The Department of Homeland Security is thinking holistically as it upgrades its technology. Rather than having each agency consider what it needs in a vacuum, the department is thinking about how it can introduce new technologies or integrate existing systems to streamline workflows across multiple agencies, and even departments.
For example, it launched a program to streamline data collection among the 47 different agencies that deal with goods coming into the country. The program’s goal was to create a single portal to collect the necessary information and streamline the business process to make it more efficient.
At the beginning of the program, there were no clear requirements. So the agencies did conference calls and workshops, and used agile development to create the software as the needs evolved.
“Once we established what the priority was, what the scope of the project was and who the players were, we then were able to bring them all together, establish a schedule, and establish a basic requirement list,” Brenda Smith, executive assistant commissioner for trade at Customs and Border Protection said on DHS 15th Anniversary.
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Each agency had different requirements: one needed regulations, one needed automation, and another needed policy and legal decisions. In the end, the project wound up automating over 200 paper forms so that the data would be collected in a single place, and the government would be able to respond from that place. That made the process more efficient and predictable for both the government and industry.
“While this was a government effort, we relied very heavily on interaction with the private sector that was sorting through their own milestones and complex systems to implement,” Smith told the Federal Drive with Tom Temin. “Really, what we found at the end of the day was most critical was to be sure that there was very good communication and very good information flowing back and forth so that we understood where the barriers were and people understood where we were trying to get to from a technical and operational perspective.”
Smith said that agencies working with private sector should remember two pieces of advice. First, communicate early and often. Second, recognize that no solution will be perfect for either the government or industry. Instead, both parties should shoot for a middle path of solutions that are acceptable to both sides.
She said the hardest part about working with the private sector was reestablishing credibility after failures to deliver on certain promises. She said industry has to invest time and money into upgrading its IT systems for a project like this as well, and it’s hesitant to do so if it doesn’t have confidence that the government can deliver.
Meanwhile, DHS Science and Technology is working on developing Flood Apex technology to help other agencies like FEMA respond sooner and mitigate recovery from floods.
“Early warning, monitoring and detection is the key component to addressing the losses and damages, the fatalities and costs of flood,” Flood Apex Program Manager David Alexander told the Federal Drive with Tom Temin. “It also provides us with meaningful and useful data in terms of informing risk reduction and mitigation strategies. We don’t always want to be in the response mode. We would like to strengthen communities’ resilience to flood risk up front, be better prepared and not always responding to the hazard at hand.”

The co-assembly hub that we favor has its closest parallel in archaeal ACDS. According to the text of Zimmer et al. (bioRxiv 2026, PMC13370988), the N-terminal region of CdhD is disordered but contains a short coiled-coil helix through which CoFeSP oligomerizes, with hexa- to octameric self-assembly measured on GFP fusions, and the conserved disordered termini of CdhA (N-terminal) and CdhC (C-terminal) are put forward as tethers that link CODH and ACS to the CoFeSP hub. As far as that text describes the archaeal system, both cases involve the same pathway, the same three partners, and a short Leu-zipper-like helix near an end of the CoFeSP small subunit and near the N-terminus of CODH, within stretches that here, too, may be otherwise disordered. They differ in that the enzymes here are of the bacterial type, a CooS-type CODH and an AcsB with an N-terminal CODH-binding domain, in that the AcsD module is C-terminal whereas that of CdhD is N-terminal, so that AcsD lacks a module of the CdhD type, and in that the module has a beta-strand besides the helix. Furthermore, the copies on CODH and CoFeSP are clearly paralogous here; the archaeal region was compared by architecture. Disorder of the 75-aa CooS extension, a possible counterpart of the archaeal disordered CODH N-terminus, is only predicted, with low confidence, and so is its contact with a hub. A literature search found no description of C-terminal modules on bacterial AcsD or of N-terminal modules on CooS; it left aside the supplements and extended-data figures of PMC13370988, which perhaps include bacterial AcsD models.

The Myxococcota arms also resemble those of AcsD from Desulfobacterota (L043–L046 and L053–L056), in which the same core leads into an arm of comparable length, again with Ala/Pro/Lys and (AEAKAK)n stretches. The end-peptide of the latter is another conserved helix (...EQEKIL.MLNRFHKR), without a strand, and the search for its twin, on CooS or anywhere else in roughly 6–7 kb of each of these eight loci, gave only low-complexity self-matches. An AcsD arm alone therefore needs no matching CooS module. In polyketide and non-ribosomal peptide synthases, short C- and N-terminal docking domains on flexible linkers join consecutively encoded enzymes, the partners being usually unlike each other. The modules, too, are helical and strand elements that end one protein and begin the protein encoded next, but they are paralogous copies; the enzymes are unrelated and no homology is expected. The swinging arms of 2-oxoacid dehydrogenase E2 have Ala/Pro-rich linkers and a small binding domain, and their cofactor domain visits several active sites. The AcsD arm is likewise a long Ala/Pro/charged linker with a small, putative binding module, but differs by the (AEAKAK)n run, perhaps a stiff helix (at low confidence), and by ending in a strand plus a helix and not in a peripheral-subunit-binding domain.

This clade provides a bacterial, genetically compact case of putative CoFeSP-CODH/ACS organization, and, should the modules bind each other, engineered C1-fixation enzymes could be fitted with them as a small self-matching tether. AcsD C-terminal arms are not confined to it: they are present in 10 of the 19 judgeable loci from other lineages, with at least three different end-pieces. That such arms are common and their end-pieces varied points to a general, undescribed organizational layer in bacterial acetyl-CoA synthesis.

The initiative has a number of pilot programs that are testing new technologies and trying to validate and refine research objectives. One such program is trying to create low cost, more portable, adaptable, scalable sensors that will detect rising water and use new alerting protocols to communicate information for broadcast to those at risk.
“If we can start to deploy more affordable rising water flood sensors in areas that aren’t just along the stream, we get two benefits: one benefit is that we can quickly identify a risk and then communicate to those that are most in danger, for example, the emerging smart car autonomous vehicle market. That sensor could determine that there’s rising water ahead. It could then notify an oncoming car to take precaution, an alternate route, reduce the speed, and reduce a significant number of fatalities,” Alexander said. “We could also use those sensors to then communicate to our predictive analytic engine additional information that will then allow us more accurate, precise understandings of how to communicate larger warnings. And that in turn would inform mitigation investments on ‘where do we need to do additional flood-proofing investment for a community?’”
Alexander said that urban flash-flooding is a growing risk; urban centers frequently rest on impervious surfaces, relying on storm water management systems to alleviate the excess rather than expecting it to be absorbed by soil and filter into the water table. But these water management systems are easily obstructed. That’s another function these sensors can fulfill: monitoring for obstructions to improve the movement of water.
“We’re not going to stop the rain, but we can better manage the water that is occurring from that rainfall,” Alexander said.
Likewise, if the sensors were capable of monitoring soil moisture, they could provide early warnings for flood conditions when soil becomes too saturated to absorb any more. They could then be applicable to a wider range of uses, like monitoring soil moisture in agricultural settings.
He said the program is currently working on deciding what uses these sensors will fulfill, and how to do that while making them as small, cheap and durable as possible.